Programmers Stack Exchange is a question and answer site for professional programmers interested in conceptual questions about software development. It's 100% free.

Sign up
Here's how it works:
  1. Anybody can ask a question
  2. Anybody can answer
  3. The best answers are voted up and rise to the top

I am doing a project on data mining.

I have a very large string of size, say n and many small strings, l_1,l_2.. each of size at most m. I want to find the sequence of small strings such that their concatenation has the minimum alignment cost (costs can include insertion, deletion and substitution) with my large string of size n. I can use one string more than once and it is not mandatory to use all the strings. Note that m << n

My greedy implementation gives very bad results even for small strings. I can't find an efficient solution to this problem. Can anyone help?

It looks like dynamic programming might be able to help but I'm not sure.


migration rejected from May 13 '14 at 21:49

This question came from our site for professional and enthusiast programmers. Votes, comments, and answers are locked due to the question being closed here, but it may be eligible for editing and reopening on the site where it originated.

closed as unclear what you're asking by Robert Harvey, MichaelT, GlenH7, gbjbaanb, Dynamic May 13 '14 at 21:49

Please clarify your specific problem or add additional details to highlight exactly what you need. As it's currently written, it’s hard to tell exactly what you're asking. See the How to Ask page for help clarifying this question.If this question can be reworded to fit the rules in the help center, please edit the question.

Are you talking about algorithms such as Smith-Waterman? – Oliver Charlesworth Dec 7 '11 at 20:16
Smith-Waterman algorithm can align two strings only. What I want is an optimal concatenation of small strings such that they align to the larger string with min cost – Anna Dec 7 '11 at 20:31
When talking about alignment, do you allow for arbitrary costs to be associated with different mismatched characters, or is the cost always the same? For example, could substituting an A for a G cost more than substituting an A for a T? – templatetypedef Dec 7 '11 at 21:35
Yes, I am looking to handle arbitrary cost models. – Anna Dec 8 '11 at 21:04
You might want to do a Smith Waterman (or similar, probably something more quick and dirty like a FASTA) to get areas of good match for the l_1, l_2 etc. Then use that to guide the concatenation. For example, if l_1 only matches to areas near the start of the large string, and l_2 only near the end, there is no point in concatenating l_2 + l_1. – user949300 Dec 9 '11 at 1:21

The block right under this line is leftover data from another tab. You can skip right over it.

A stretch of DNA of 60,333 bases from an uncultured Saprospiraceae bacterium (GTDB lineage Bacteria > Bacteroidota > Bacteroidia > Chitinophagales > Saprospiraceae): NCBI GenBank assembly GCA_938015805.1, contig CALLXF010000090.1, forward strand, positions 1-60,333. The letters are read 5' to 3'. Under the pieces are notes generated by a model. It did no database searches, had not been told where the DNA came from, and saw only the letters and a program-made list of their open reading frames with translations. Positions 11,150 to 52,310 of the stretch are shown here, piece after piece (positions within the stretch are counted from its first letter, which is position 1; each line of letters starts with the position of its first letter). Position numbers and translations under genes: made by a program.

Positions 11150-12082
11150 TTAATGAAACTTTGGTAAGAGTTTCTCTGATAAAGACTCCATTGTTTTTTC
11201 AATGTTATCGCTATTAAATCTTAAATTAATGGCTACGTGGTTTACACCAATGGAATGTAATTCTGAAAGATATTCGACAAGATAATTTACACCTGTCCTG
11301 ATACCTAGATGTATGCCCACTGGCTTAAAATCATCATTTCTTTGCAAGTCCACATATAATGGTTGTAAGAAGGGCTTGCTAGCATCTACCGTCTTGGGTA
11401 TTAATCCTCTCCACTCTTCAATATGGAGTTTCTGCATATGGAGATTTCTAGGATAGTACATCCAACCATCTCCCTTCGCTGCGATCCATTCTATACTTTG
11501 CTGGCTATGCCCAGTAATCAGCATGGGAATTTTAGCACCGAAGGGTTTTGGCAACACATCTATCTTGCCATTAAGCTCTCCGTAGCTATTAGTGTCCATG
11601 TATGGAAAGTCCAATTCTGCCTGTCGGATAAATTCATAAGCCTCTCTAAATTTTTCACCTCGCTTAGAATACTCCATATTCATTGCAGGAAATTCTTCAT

Suppose you've a target_sequence consisting of m symbols and you want to produce a sequence that is as similar to target_sequence as possible.

Moreover, you've a library consisting of k sequences, each of length at most n < k. We are looking for a dynamic programming algorithm which yields a concatenation of sequences from library with minimal alignment cost.

Therefore, let's introduce a gap_cast and a mismatch_cost(a,b) for any pair of symbols (a,b). Furthermore, I will denote the alignment cost of aligning target_sequence starting at the i-th symbol with the j-th sequence from library by alignment_cost(i,j), i.e.

alignment_cost = (int i, int j)
        int k = 1,
            result = 0;

        for (i = i - 1; i + k <= m && k <= library[j].size(); ++k)
            if (target_sequence[i + k] != library[j][k])
                result += mismatch_cost(target_sequence[i + k], library[j][k]);

        if (k < library[j].size())
            result += (library[j].size() - k) * gap_cost;
        return result;

Now we are ready to formulate our dynamic program:

vector<vector<int>> opt(m, vector<int>(k + 1));
for (int i = m; i >= 1; --i)
    opt[i][0] = gap_cost;
    if (i + 1 <= m)
        opt[i][0] += min_element(opt[i + 1].begin(), opt[i + 1].end());
    for (int j = 1; j <= k; ++j)
        opt[i][j] = alignment_cost(i, j);
        if (i + library[j].size() <= m)
            opt[i][j] += min_element(opt[i + library[j].size()].begin(),
                opt[i + library[j].size()].end());

In the code above opt[i][j] is the value of an optimal solution for aligning target_sequence starting from the i-th symbol with the j-th sequence from library. We can obtain the minimum alignment cost by calculating the minimum over each entry of the vector opt[i], i.e.

min_element(opt[1].begin(), opt[1].end())
Maybe the one who downvoted my answer could give me some kind of explanation. Cause I would like to receive some feedback on my approach, I've formulated this as a question on codereview.stackexchange:… – 0xbadf00d May 13 '14 at 15:27
the part deleted in most recent edit is not an answer: "Maybe someone could give me some feedback on this approach." – gnat May 13 '14 at 16:08
@gnat - I need to disagree. Asking for some feedback of the quality or optimality of my approach doesn't downgrade my answer. However, as you see I've removed this passage from my answer. – 0xbadf00d May 13 '14 at 22:11

Not the answer you're looking for? Browse other questions tagged or ask your own question.